Only organic peanut butter and jelly and crustless white bread will do for the Portland Trail Blazers. For the Milwaukee Bucks, the elaborate locker room buffet offers three types of bread paired with crunchy, smooth, and almond butters, assorted jellies, and other fixings. The Cleveland Cavaliers like to send pre-packaged Uncrustables to opposing teams, while they feast on artisanal versions with fancy jams, ESPN magazine reports. Although the delivery methods differ, the NBA is apparently crazy for PB&J. The little-known pre-game (and sometimes at halftime or post-game, too) ritual traces its roots to Boston during the 2007-08 season when one Celtics player confessed a craving: "Man, I could go for a PB&J." He got his snack, as did Kevin Garnett, the game went well, and thus: "We're going to need PB&J in here every game now," Garnett said. The Celtics went on to win the NBA title, and a tradition was born—and spread to other teams.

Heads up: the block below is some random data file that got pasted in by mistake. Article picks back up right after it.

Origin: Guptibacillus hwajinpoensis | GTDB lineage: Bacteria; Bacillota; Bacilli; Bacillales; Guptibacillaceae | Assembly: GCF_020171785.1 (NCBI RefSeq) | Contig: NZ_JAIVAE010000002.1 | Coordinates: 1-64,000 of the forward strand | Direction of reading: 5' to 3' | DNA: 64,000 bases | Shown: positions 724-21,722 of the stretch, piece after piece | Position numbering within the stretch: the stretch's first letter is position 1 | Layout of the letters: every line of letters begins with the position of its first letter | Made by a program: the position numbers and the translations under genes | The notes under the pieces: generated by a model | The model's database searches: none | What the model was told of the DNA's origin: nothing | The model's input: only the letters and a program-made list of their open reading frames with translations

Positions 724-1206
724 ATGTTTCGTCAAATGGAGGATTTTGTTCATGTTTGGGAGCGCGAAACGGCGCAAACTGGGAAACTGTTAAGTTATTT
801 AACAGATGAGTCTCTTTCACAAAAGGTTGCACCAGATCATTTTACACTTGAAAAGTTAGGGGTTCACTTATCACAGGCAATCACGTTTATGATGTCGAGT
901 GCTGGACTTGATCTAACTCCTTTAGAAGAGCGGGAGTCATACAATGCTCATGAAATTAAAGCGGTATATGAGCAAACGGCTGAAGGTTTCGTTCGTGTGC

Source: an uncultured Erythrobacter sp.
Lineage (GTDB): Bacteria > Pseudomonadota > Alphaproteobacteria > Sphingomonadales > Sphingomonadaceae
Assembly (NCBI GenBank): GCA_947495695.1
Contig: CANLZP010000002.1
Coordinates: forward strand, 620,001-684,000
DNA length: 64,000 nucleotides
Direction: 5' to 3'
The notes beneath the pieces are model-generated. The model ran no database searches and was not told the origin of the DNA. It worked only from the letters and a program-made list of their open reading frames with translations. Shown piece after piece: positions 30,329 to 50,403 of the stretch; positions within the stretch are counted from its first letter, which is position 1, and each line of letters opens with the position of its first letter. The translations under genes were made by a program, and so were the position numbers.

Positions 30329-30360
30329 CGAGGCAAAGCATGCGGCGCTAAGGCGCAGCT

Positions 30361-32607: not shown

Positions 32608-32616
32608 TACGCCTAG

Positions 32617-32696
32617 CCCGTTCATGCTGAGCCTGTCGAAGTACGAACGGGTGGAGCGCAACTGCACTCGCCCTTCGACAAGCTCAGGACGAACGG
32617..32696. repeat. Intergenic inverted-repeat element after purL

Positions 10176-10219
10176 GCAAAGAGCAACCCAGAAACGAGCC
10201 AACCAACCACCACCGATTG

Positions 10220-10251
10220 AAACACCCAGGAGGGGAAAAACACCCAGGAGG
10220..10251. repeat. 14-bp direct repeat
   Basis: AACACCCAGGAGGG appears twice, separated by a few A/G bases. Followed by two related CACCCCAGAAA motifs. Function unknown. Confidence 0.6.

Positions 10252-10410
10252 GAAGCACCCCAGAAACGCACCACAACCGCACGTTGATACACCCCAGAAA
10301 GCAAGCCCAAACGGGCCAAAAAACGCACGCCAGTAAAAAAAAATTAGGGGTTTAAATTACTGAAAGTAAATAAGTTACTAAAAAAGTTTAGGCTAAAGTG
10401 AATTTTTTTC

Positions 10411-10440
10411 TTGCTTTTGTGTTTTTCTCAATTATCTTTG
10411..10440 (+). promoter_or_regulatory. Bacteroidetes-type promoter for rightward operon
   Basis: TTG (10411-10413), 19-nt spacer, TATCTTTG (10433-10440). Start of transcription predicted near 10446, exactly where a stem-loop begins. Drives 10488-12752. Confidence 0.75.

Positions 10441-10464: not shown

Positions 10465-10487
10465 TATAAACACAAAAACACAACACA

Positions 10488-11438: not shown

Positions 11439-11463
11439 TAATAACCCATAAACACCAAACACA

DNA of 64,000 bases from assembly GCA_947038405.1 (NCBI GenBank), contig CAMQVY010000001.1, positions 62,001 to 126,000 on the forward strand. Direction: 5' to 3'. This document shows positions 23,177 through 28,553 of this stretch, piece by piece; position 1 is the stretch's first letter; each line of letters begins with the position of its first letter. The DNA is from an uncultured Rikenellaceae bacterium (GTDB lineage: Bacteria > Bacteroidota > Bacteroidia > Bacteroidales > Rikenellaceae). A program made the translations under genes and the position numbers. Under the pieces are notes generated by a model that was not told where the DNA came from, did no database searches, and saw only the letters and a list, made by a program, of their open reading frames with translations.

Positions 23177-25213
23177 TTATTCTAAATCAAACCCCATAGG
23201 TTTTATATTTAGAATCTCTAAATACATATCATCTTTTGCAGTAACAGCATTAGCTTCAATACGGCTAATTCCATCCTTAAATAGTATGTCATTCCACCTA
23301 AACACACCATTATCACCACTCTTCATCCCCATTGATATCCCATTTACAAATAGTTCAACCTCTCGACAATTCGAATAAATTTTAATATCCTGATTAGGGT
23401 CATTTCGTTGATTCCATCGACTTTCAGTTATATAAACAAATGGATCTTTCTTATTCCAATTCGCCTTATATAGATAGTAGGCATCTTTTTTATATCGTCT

The practice is so ingrained that the Golden State Warriors nearly revolted when a new trainer banned sugary snacks. (He eventually relented on PB&J.) Why the school cafeteria staple became so popular isn't clear, but dozens of interviews revealed superstition and comfort food have something to do with it. “It’s a soothing memory from childhood,” the LA Lakers’ nutritionist tells ESPN. Another calls it "peace of mind." Yet there is science, not just hunger, behind the hankering. With the first bite, the tasty combination of fats and sugars unleashes chemicals that produce effects similar to sex, or a heroin rush, releasing doses of "happiness hormone" serotonin and endorphins that reduce stress, a nutritionist tells ESPN. It adds up to a perfect fix before a big game. Packing 500 calories, 50 grams of carbs, and 20 grams of fat, a PB&J sandwich is "not the best," says sports nutritionist Jill Lane, "but it's not bad." Read the full article here. (Snacking on peanuts may keep you thin.)